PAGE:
Social Life in Portville Fifty Years Ago (1892)
by Fanny B. Parish
As I think back to the late eighties and early nineties, I realize
many changes have taken place in the home life and public life of
Fifty years ago, the family was bound by closer ties.  The Sunday
dinner, small neighborhood parties, Thanksgiving, and Christmas
were of interest to all the family.  It was not difficult to find a
time when all the family could be present.
The services of the churches were better attended.  An
opportunity to hear Bishop John H. Vincent was highly prized by
the whole community.  The same was true of any noted preacher
or lecturer.  There were no movies to divide the interest of the
Singing schools were still in vogue.  Everyone sang; no gathering,
large or small, was complete without a song; songs secular or
religious, or both.  From “Hold the Fort” and “Gathering in the
Sheaves” to “White Wings” and “Annie Rooney.”
One of the pleasant memories of those days was a Philharmonic
Society organized by Mrs. W. B. Mersereau.  Other events of
interest were a Shakespeare Club, of which Frank Wright was the
leading spirit;  Chautauqua Reading Circles, a Travelers Club, led
by Rev. H. A. Reed;  a Young Men’s Magazine Club, organized by
Rev. Sam Clark.
Each year, the community looked forward to a concert by the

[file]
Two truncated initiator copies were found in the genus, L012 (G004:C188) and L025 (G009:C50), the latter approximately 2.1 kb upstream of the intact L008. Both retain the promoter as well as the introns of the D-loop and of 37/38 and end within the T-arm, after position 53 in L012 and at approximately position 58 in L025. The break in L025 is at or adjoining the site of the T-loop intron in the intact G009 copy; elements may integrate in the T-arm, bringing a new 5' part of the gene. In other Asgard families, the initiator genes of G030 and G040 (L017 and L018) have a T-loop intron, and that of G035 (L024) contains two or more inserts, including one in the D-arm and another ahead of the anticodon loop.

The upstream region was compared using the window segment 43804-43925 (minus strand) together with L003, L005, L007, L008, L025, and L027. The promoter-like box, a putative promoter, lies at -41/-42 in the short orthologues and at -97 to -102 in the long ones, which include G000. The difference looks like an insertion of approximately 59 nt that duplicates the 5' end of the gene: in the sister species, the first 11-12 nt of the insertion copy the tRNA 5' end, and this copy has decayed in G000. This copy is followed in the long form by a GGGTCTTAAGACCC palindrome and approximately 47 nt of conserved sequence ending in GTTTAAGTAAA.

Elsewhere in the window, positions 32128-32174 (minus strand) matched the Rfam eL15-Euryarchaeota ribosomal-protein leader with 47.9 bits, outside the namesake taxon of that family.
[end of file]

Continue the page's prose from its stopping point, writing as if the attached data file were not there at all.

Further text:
Fish Jubilee Singers and other artists.
The school was in the old wooden building.   Unpainted, wooden
stairs never seemed to bother any of us – but?  A Debating Team,
organized by the Principal for the young men, and a Saturday
Afternoon Reading Circle for the girls, under Miss Edith Stevens,
filled a large place in the social life of the young people.
Gradually, our school has enlarged, more teachers hired, and
many courses added, until there is no comparison between 1892
and 1942.
The building of the Gymnasium has added much to the
recreational life of the community, and has taken the place of
sleighing, coasting, and skating parties.
I think of Portville of 1892 as a little more conservative.  Then,
the ladies of forty went calling very regularly on certain fixed
days, wearing their pretty little bonnets, trimmed with flowers,
with ribbons tied under their chins.  Now, the ladies just call each
other on the phone.
Perhaps you will not agree with me.  Perhaps you think the
children of 1942 are dressed in a more conservative manner with
socks and low shoes, than bare foot boys and girls of 1892.
One thing, on which we all agree, is that Portville is a good place
in which to live.  We will remember that our social life will depend
on our efforts to make pleasant social surroundings for others.
               ----Fanny B. Parish, September 1942

This column ran in the Portville Review newspaper.
The Portville Historical and Preservation Society
Portville, NY 14770
The author, Fannie Bell Parish, and her husband, Smith
Parish.  The children are Ruth, David, Robert, Earl, and the
baby, Mary Isabel (who passed away just before turning ten)